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Duolingo — A Wonderful Tool in Target Language Acquisition

In today’s day and age, information that was once difficult to obtain — perhaps even requiring more effort to obtain it than it was actually worth — has now become accessible to nearly all, thanks to the internet. All one needs to discover something new or answer a question that’s been nagging them is an internet-accessible device and a connection to the internet itself. The internet has turned over a new leaf in research and information gathering, and acts as a metaphysical library filled with news publications, research and magazine articles, and even recipes. However, one of the most fascinating features of the internet is the sheer amount of free language-learning applications available for use, which combine linguistic information, exposure, and practice to enable any person with access to the internet to study a language. Although many of these linguistic apps are available, one program’s fame soars high above the rest — meet Duolingo, a free language-learning application with over 500 million registered users.

Duolingo, an educational passion project of computer science professor Luis von Ahn and graduate student Severin Hacker, offers 95 language courses in 38 different languages. Although an ad-removing subscription service is available for Duolingo, the program itself is free, and all language courses are able to be completed without a subscription. It’s a great learning alternative to those who might not be able to afford formal language classes or a private tutor. One of the best features of Duolingo is its accessibility — you don’t even need a computer to complete its language courses! The application is freely available for download on both iPhone and Android devices, and is listed in both the iOS App Store and Google Play. With the Duolingo app, it’s possible to sneak a little bit of language-learning into your everyday activities, from commutes to waiting in line, and even lunch breaks.

The Duolingo language courses feature individual unit lessons, filled with mini-games designed to interact and motivate the language learner. Duolingo claims these lessons are “based on a methodology proven to foster long-term memory of what’s being learned, machine learning technology that personalizes learners’ experience, and curricula informed by national and international standards” (The Duolingo Method for App-based Teaching and Learning). The lessons are fun, bite-sized, and work to slowly expose the language learner to the nuances in vocabulary and grammar of their target language. After new words and sentence structures are taught to a learner, review lessons are offered to further cement the new concepts in the learner’s mind.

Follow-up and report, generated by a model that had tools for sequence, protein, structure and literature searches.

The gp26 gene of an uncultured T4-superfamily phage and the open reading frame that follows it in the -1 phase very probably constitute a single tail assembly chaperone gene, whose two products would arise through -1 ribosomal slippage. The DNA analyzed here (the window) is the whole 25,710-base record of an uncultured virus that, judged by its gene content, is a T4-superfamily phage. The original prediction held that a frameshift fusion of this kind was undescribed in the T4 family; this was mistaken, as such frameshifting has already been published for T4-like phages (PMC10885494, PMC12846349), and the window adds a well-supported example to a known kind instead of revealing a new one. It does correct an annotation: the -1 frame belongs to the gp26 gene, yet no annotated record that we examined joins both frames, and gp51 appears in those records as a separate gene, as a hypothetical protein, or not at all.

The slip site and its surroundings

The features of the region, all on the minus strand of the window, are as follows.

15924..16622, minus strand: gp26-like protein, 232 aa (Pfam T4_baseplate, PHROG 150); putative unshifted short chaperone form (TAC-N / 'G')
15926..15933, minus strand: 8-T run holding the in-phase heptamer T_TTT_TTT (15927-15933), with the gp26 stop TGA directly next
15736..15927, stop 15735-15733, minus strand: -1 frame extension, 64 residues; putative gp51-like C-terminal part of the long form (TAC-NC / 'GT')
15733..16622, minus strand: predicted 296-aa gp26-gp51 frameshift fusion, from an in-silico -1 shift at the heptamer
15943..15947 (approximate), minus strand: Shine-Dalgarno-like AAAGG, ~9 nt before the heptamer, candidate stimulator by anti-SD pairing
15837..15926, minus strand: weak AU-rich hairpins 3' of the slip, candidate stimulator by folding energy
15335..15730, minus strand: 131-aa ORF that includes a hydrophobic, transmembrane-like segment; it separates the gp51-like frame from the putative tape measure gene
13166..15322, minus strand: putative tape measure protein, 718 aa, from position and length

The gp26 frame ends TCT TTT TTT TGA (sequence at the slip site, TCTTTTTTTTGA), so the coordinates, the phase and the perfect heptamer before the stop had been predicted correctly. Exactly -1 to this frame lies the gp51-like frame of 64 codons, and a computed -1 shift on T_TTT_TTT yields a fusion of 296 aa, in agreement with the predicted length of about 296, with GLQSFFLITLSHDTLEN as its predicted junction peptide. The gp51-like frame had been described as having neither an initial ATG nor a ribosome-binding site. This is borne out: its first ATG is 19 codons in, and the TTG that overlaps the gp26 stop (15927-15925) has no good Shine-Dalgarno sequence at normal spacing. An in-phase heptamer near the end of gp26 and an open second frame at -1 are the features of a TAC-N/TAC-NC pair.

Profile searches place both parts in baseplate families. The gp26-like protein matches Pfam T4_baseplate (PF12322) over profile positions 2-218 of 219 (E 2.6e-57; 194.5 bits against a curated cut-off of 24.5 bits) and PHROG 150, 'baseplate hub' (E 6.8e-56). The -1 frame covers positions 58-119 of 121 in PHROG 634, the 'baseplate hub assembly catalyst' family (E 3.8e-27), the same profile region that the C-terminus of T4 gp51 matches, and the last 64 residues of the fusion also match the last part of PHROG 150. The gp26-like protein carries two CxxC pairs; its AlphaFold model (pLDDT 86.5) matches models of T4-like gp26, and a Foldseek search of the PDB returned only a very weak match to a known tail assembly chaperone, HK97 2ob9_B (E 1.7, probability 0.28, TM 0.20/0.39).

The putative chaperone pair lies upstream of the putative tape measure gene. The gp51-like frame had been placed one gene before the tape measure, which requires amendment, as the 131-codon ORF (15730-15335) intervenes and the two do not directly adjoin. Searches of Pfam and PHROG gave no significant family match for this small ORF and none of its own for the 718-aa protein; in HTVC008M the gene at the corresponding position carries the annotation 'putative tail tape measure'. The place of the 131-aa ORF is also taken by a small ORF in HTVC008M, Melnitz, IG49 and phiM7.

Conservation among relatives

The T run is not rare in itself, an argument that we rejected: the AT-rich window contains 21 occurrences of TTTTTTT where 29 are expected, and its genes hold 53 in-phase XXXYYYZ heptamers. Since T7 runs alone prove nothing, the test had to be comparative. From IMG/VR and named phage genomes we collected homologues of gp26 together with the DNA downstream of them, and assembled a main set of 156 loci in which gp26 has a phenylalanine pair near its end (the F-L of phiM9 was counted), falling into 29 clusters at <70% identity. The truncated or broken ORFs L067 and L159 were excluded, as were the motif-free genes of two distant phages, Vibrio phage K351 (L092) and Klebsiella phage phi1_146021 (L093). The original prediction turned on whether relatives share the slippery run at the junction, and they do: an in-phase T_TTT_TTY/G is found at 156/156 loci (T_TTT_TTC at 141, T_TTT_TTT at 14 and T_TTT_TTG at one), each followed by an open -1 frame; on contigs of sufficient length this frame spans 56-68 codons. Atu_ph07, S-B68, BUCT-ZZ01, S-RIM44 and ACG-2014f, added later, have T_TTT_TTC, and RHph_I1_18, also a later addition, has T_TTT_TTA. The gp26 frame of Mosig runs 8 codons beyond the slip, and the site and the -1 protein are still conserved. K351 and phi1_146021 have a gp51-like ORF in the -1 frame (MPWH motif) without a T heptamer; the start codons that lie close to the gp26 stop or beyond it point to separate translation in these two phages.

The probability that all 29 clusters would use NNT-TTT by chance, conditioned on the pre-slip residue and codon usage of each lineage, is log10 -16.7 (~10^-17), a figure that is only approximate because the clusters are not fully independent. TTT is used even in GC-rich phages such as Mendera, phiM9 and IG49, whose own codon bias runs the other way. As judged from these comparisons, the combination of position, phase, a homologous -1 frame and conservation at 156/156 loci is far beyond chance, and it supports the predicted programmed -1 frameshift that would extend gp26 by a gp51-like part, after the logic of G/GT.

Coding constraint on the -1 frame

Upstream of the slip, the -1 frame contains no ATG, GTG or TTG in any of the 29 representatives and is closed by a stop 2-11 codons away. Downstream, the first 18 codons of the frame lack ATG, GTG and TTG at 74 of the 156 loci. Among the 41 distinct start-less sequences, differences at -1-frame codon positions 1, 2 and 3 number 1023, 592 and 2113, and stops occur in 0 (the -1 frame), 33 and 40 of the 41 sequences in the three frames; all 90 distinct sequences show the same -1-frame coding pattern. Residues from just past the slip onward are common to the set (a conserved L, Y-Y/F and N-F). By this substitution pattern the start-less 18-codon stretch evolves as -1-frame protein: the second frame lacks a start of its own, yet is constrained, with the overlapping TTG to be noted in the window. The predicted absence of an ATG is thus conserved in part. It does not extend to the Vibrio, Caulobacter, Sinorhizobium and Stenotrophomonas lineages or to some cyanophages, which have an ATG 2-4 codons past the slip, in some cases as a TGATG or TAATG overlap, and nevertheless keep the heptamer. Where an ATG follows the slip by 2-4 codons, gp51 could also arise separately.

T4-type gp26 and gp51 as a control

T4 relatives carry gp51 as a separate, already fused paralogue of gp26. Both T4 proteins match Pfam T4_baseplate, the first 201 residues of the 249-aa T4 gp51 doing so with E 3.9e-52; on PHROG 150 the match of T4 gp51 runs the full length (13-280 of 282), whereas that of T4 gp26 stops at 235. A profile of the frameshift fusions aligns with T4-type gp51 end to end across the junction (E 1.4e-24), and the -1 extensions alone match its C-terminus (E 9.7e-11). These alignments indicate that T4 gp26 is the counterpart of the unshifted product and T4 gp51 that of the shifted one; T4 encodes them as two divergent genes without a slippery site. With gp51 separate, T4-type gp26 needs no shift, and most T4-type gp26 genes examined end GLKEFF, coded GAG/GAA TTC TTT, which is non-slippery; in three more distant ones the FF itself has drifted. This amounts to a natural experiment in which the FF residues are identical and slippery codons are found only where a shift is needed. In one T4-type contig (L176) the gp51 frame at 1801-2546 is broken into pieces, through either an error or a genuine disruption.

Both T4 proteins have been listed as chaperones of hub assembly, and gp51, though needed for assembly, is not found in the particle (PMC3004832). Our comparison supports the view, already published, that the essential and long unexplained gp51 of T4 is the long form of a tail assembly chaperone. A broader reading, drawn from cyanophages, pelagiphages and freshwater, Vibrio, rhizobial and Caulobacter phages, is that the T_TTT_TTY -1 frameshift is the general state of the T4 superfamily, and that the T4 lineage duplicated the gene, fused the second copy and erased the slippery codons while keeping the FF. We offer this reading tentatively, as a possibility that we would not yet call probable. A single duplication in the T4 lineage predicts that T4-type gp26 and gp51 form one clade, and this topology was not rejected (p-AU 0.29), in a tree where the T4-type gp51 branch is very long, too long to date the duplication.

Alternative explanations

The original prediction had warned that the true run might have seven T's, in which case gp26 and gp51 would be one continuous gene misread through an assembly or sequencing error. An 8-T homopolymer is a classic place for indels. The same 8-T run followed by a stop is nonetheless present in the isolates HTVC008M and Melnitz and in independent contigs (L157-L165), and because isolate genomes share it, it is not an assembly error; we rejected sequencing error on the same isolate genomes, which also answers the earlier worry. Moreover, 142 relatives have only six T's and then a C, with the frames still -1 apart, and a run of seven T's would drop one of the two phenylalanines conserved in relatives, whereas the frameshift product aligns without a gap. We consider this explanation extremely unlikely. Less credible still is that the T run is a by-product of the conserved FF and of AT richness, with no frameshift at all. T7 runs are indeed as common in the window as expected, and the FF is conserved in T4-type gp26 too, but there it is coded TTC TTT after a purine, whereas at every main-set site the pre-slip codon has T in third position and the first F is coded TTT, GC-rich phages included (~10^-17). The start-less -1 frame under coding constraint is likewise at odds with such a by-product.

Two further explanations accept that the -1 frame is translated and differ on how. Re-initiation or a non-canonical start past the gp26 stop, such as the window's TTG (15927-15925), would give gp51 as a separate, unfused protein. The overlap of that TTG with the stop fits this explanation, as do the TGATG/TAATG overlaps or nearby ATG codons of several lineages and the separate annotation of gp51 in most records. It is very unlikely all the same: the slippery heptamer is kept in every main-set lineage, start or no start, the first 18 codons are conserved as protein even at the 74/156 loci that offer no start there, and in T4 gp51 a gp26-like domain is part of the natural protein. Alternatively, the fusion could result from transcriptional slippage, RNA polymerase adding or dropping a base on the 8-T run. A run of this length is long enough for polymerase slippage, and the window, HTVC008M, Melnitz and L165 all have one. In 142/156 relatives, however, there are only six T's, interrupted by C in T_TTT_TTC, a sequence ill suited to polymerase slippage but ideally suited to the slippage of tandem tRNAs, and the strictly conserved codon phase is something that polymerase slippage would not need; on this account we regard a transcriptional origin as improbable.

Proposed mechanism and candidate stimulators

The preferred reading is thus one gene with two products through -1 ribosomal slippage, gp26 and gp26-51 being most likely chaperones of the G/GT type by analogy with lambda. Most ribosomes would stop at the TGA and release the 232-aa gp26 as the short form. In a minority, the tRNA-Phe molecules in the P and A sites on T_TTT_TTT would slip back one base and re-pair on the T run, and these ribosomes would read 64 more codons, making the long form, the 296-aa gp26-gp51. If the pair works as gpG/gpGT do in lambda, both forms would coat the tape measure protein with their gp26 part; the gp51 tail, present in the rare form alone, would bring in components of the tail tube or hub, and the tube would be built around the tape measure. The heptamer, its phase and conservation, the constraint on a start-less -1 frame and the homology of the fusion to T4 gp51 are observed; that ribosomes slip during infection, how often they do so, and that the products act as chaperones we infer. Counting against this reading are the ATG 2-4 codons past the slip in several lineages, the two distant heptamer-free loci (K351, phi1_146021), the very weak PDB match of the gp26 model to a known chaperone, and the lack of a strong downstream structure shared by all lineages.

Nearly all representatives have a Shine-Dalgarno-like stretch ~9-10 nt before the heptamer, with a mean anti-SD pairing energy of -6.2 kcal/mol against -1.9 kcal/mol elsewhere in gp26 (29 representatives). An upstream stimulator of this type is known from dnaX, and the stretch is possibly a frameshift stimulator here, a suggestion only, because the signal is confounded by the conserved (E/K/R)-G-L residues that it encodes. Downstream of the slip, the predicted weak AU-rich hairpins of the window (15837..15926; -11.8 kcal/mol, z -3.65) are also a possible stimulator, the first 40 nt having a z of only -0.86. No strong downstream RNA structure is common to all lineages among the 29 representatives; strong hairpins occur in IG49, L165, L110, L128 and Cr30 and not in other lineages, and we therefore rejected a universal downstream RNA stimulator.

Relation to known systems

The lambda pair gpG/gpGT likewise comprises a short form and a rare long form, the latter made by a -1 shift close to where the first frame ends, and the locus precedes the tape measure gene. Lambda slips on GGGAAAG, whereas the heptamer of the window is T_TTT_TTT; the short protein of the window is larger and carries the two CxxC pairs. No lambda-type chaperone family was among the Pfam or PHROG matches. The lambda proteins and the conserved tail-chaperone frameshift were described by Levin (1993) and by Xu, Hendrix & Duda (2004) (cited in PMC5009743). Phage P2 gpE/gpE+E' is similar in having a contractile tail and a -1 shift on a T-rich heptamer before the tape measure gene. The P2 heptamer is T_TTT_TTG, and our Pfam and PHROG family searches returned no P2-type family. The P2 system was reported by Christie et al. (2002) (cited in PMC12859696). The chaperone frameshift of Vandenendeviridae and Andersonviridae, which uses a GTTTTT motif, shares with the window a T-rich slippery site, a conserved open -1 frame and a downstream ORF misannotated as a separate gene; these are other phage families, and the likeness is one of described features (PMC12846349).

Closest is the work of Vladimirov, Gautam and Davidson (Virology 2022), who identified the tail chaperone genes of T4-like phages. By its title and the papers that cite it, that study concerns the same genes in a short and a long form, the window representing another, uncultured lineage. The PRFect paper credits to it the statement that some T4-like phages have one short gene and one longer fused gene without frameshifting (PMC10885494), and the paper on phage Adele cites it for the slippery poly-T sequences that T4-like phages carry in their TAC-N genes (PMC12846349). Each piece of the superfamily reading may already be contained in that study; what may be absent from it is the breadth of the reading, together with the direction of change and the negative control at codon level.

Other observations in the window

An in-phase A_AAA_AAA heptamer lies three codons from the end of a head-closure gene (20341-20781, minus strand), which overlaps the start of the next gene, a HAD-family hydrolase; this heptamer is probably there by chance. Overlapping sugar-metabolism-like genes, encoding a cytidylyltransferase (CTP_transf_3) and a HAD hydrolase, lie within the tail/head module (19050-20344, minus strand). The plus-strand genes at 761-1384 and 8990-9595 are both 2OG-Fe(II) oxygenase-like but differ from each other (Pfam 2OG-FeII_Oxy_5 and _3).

However, even with all of Duolingo’s strengths, the application itself has some — perhaps unavoidable — flaws. As with any technological application, there are some human aspects that are simply difficult or even impossible to code into a program. Although language can act formulaically in many ways, it is a human construct, so language will always have its nuances. Language itself can be illustrated as a triangle with three different sidessemantics, syntax, and pragmatics. Without all three linguistic aspects present in one’s language, their understanding of it will be incomplete.

Language-learning programs such as Duolingo are very skilled in teaching semantics, or the meaning within language — often expressed through vocabulary, implications, reference, and more. They may also cover syntax fairly well, or the grammar of a language, which may be expressed through sentence structure, word order, tenses, and conjugations. However, most language-learning programs struggle to teach the nuances of pragmatics, or the context of language. Some sentences may mean one thing in a certain context, but can be implied or interpreted quite differently in another context — idioms also fall under this linguistic category.

A good example of pragmatics can be found in the following exchange:

A teacher is meeting with a student’s parents. The parents ask, “Is our son a good student?” The teacher responds, “well, he always shows up to class on time.”

In this example, although the teacher affirms the student for showing up to class on time, the lack of other positive features — for example, he studies hard, he actively participates, he gets good grades — implies that the boy isn’t really a good student at all. The nonverbal pragmatic implications of this exchange and others aren’t necessarily taught in technological language-learning apps, and a non-native language learner might not understand the implications in layered phrases such as these the first time around, even if they understand what the sentence itself means.

To combat this flaw, in addition to using programs such as Duolingo to study languages, it’s also important to immerse oneself in a targeted language’s media. Movies, books, and TV shows in a foreign language can expose a person to that language’s idioms and pragmatic nuances, such as the one illustrated above. A language’s media can also enlighten one on the culture and tendencies of the language’s speakers, allowing them to not only further understand the language, but also the people who speak it.

All in all, Duolingo is a wonderful tool for learning languages, which is best accompanied with exposure to media in the target language as well. For those searching for a fun, convenient way to fit language-learning into their daily routine, perhaps this application is the way to go. It’s free, interactive, and only a click away on application stores! Just grab your phone and immerse yourself in a target language today.

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